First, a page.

The best rate he has been offered is 7.1% with a two-year lock-in. Should he take it?
A bad credit rating does not necessarily mean that borrowers are doomed to sub-prime mortgages charged at extortionate rates of interest with hefty lock-ins.
More and more High Street lenders have become sympathetic to borrowers with a less than perfect credit record.
My first tip to Ben is that he should not automatically seek advice from specialist lenders and brokers in the sub-prime market, but speak to an independent mortgage broker or financial adviser who has access to the entire mortgage market.
Lenders such as Chelsea Building Society and Bristol & West may both consider lending to Ben, as would Birmingham Midshires, who also offer sub-prime lending at reasonable rates of interest.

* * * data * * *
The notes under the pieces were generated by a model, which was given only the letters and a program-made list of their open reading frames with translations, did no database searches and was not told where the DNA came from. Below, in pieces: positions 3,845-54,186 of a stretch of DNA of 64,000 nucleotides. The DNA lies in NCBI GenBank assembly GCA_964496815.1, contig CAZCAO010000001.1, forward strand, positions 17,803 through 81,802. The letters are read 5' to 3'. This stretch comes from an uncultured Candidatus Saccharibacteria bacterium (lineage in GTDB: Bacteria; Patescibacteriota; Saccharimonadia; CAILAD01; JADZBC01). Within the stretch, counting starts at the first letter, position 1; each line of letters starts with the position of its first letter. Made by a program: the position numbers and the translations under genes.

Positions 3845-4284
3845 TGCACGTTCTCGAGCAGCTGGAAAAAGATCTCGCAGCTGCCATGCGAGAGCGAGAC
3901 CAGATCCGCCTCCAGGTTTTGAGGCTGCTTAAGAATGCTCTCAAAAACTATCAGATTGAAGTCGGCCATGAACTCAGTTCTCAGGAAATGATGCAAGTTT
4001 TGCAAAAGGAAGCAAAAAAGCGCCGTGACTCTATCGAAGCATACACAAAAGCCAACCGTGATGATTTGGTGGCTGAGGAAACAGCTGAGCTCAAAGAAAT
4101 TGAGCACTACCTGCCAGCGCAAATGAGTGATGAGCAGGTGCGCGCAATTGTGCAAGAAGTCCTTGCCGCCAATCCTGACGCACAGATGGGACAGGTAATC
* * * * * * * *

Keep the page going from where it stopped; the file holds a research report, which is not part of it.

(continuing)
Although Ben states that he has a bad credit rating, the fact that he has been offered a 95% mortgage suggests that his rating may not be as dreadful as he thinks.
Many sub-prime lenders would not even consider lending this amount and so his finances cannot be as bad as first thought.
From what Ben says he has been offered a one-year discounted mortgage with a two-year lock-in. This means that although he would have an initial payrate of 7.1%, this could rise to as much as 10%.
Ben needs to consider whether he could afford a rate as high as this.
In effect, Ben is paying double the rate that he would pay if he had the pick of the ordinary mortgage market. Is it really worth taking this rate?
If Ben gave himself six months to improve and stabilise his credit score, then it is likely that he could have a better choice of lenders and deals.
He should aim to pay off any county court judgements or other debts and look to increase his deposit. Within a year, he should have enough to get a much better deal then he is currently offered.
Mrs Reid is interested in equity release schemes but is confused at the different information that is given out. Where can she go to get independent advice about it?